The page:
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Particle and Nuclear Physics Seminar at J-PARC (Prof.B.Lee Roberts)

Start:2015/11/12 (Thu) 3:30 PM
End:2015/11/12 (Thu) 4:30 PM
Location:large meeting room, J-PARC research building

Speaker:Prof. B. Lee Roberts (Boston University)
Lecture: Muon (g-2) at Fermilab: Preparing for Takeoff
Language:英語/English
Contact:satoshi.mihara-AT-kek.jp

Abstract:
Measurements of the magnetic moments of the electron and muon were 
intertwined with the development of the "modern physics" of the 20th 
century. The measurements are expressed in terms of the g-value, the 
proportionality constant between the magnetic moment and the spin, ¥vec{
mu}= g (Qe ¥hbar/2m) ¥vec{s}
For leptons the factor g is greater than the Dirac value of 2 because of 
radiative corrections. Thus g has an anomalous part, g =2(1+ a), or 
equivalently a = (g-2)/2. The anomaly is dominated by the lowest-order (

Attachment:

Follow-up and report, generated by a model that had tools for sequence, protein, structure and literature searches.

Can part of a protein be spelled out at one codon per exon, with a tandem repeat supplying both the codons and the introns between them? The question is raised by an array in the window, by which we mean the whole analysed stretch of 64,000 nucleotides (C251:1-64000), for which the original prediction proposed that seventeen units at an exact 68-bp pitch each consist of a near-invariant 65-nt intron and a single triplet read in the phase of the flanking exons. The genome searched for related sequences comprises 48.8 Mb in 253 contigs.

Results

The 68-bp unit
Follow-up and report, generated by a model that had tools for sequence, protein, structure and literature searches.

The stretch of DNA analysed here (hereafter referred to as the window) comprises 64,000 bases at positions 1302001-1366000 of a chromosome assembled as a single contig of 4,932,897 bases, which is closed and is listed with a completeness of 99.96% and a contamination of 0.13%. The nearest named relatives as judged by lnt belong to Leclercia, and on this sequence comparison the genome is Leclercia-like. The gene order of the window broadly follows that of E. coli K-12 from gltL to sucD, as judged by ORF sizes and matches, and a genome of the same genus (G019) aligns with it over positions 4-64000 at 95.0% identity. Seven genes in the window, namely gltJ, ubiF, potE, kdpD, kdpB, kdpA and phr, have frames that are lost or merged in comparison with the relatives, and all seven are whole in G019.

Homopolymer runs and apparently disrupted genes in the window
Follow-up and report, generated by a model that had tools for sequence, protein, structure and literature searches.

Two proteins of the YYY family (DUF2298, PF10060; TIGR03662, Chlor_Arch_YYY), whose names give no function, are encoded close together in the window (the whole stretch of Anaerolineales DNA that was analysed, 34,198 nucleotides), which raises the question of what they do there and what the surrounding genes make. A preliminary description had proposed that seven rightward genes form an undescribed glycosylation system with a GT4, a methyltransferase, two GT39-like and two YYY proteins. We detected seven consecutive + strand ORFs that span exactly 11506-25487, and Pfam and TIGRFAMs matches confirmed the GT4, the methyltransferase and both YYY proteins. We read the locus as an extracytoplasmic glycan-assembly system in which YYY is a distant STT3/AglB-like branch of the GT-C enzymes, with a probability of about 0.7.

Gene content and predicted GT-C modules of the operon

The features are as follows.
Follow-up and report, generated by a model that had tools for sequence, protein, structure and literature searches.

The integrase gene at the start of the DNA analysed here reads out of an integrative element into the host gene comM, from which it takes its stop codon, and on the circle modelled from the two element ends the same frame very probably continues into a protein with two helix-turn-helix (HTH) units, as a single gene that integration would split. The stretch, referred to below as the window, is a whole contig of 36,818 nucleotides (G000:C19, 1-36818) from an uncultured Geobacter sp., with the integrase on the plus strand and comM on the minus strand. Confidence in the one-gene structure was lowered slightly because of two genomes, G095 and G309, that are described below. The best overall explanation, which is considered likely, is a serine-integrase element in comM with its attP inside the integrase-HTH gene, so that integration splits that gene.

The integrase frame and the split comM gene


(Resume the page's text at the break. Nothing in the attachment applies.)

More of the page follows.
Schwinger) term, a = α/2π ≃ 0.00116. For the muon it is necessary to 
include contributions from QED, the strong interaction and the 
electroweak gauge bosons. To measure the anomaly, polarized muons are 
injected into a precision magnetic storage ring with average field 
uniformity of one part per million (ppm). The frequency that the spin 
turns relative to the momentum is measured, along with the magnetic 
field felt by the muon beam. The muon anomaly measured at Brookhaven 
appears to be larger than the Standard-Model value by more than three 
standard deviations. To clarify whether this is evidence for New Physics 
or not, Fermilab E989 will reduce the total experimental error from 540 
parts per billion (ppb) to 140 ppb. This requires reducing the total 
systematic error on the muon spin rotation frequency, and the systematic 
error on the magnetic field, each to a precision of 70 ppb. This 
measurement also requires an increase in statistics over the BNL 
experiment by a factor of 21, for a total of 2×1011 analyzed events. The 
precision storage ring has been moved from Brookhaven to Fermilab, and 
is now operational. The magnet shimming has now begun, and detector 
installation is scheduled in mid-2016. Data collection should begin in 
early 2017. I will explain the technique, and the large number of 
improvements that are being employed in the new experiment, and show 
pictures of relocation of the 14 m diameter superconducting coils, and 
the reconstruction at Fermilab.


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